I'm off to the Festival of Writing at York this weekend, which is both exciting and a little terrifying. Part of the package is two one-to-one meetings with agents (or book doctors, but I've plumped for the agents). When I originally booked to go to the Festival, I was hoping to have a polished draft of my novel in something close to its finished form. As it turns out, this was wildly optimistic of me. But that's okay, because being wildly optimistic is pretty much the only thing that keeps me going with this book-writing malarkey.
The changes I need to make to my book are so profound that I need to rewrite it. I can't edit my first draft into shape, I need to start over. Luckily, the opening chapter is one of the few that survived the cull, and this has been sent off, along with a brief synopsis, to the agents I am seeing at the weekend. The synopsis reflects the changes I intend to make in the next draft, which I've had a few months to think about, so that's okay too. And in the event that either of the agents wants to see more, I'll be honest and tell them how long I think it will take me to get the next draft whipped into shape. It's not like they'll be twiddling their thumbs waiting for my masterpiece.
Apart from planning the new and improved version of my book, I've been pondering how I got myself into this mess in the first place. We are told to allow our first drafts to be crap, but surely ending up with something that is un-editable is not the goal? So, where did it all go wrong?
First and foremost, I was too fixated on my word count. Not the daily word count, but the final one. Daily word counts are good. You need to be doing the work. But keeping a running total of those words, watching the total climb towards something vaguely book-length, can be a very bad idea. Some of those words belong in your draft, some don't. It becomes tempting to think of them as the essential building blocks of your book, and a such, you can't delete them. You just can't. It feels like pulling a block out from the bottom of a Jenga tower. And the longer you leave that brick in, the harder it is to pull it out. Eventually you can't even see it anymore, but it's in there, making your whole edifice unsound.
And that was the other thing I got wrong: being afraid to delete things, to change direction, to see that something wasn't working and to junk it. Time and again I was told: don't delete anything. Just write. For many people that is probably good advice. For me, it was disastrous. There were several points where I had moments of epiphany, better ideas that meant junking weeks or months of writing to make them work. I should have done it. None of the work was wasted - I had to go the wrong way to be able to recognise the right way when I saw it. But I was afraid to do it, afraid that I would lose the momentum, never finish that first draft if I kept second-guessing myself.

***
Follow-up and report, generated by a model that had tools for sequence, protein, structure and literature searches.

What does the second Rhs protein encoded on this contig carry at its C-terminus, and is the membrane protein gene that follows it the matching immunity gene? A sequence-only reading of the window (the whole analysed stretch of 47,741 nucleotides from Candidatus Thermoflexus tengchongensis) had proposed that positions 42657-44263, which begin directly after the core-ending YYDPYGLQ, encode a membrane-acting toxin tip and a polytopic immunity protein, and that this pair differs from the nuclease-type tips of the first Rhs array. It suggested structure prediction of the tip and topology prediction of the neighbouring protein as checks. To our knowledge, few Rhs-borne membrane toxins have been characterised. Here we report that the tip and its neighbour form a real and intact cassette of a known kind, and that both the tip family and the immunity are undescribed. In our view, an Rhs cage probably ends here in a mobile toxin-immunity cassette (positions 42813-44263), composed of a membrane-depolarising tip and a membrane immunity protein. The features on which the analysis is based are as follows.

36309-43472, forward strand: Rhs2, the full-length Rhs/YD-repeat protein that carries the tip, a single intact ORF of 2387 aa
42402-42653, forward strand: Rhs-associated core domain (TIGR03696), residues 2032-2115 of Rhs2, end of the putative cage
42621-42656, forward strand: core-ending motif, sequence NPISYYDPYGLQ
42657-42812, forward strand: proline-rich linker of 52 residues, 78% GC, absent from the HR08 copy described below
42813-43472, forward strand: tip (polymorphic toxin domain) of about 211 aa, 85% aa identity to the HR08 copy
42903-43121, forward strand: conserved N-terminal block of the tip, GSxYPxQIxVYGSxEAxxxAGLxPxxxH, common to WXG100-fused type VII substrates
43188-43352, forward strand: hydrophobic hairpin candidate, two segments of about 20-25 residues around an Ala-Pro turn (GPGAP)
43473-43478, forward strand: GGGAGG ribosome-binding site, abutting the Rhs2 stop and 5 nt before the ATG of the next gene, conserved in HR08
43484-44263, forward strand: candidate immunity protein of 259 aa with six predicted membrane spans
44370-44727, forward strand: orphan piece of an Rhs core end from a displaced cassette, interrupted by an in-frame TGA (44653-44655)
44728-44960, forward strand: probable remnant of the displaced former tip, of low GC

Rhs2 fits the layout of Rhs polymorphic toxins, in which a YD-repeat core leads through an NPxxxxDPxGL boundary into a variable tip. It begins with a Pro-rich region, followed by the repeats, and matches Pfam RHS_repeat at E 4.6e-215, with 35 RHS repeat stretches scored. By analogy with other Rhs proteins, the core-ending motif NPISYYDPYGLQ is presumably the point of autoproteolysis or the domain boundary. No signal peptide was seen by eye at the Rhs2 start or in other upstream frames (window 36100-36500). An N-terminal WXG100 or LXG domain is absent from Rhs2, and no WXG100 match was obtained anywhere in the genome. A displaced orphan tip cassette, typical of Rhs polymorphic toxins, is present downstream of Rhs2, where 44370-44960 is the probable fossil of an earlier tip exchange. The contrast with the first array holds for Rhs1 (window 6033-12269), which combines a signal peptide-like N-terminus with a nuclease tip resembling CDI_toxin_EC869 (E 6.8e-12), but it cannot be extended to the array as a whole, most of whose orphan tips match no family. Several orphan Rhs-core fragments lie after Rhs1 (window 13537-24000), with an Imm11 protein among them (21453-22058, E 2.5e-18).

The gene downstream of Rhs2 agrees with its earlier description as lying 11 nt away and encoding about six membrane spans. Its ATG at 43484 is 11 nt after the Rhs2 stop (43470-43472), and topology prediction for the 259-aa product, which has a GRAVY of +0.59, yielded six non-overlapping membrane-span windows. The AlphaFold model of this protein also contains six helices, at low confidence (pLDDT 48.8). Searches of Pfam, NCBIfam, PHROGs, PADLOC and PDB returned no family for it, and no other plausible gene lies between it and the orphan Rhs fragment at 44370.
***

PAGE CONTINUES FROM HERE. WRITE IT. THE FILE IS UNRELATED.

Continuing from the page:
There is a big difference, though, between dithering over your first draft because you lack confidence and experience, and ditching a draft or part of a draft that you know is not working and is not going to work, especially when you have an inkling of what would work better.
I think this is especially true for me as I'm a panster, not a plotter. If you are writing to see where it takes you, you have to be prepared to recognise when you've got yourself down a blind alley. And it's not just about the plot. Quite early on, I started wondering if I should be writing this book in the present tense. Now I'm about to start the rewrite, it's blindingly obvious that I should have listened to myself. It's not just a matter of going through and changing the verbs. Using a different tense would have led to a different voice as well, maybe the voice I was looking for but never found in the whole of my first draft (apart from that one chapter I still like, that is written, surprise surprise, in the present tense).
So why did I stick so doggedly to a method that wasn't right for me? Mostly because it's only with hindsight that I can see the problems. And I do understand the rational behind the advice to just write it and let it be crap. I can see how constantly second-guessing yourself and trying to making everything right will stop you getting the first draft finished at all. Maybe if I had started making drastic changes, and cutting out big chunks, I would have started to lose confidence and momentum. It's impossible to know. But I do know that, for me, some courageous editing as I went along would have been entirely preferable to where I've ended up.
I'm still in a better place than I was a year ago. I'll be starting this second draft with much more courage and conviction. I'll write it the way I know best. I'll remember what's good about my short fiction and I'll bring that to my novel. I can't write a book I think people might want to read. I have to write the book I can write best.
So, here's a great big hug for all of you who cheered me on as I roared through that first draft. For a while there, I thought your faith in me had been misplaced. But remember that wildly optimistic streak of mine? It's back.
NOTE: Next up will be my contribution to the Writing Process blog tour. If ever there was an opportune moment to examine my writing process, it is now.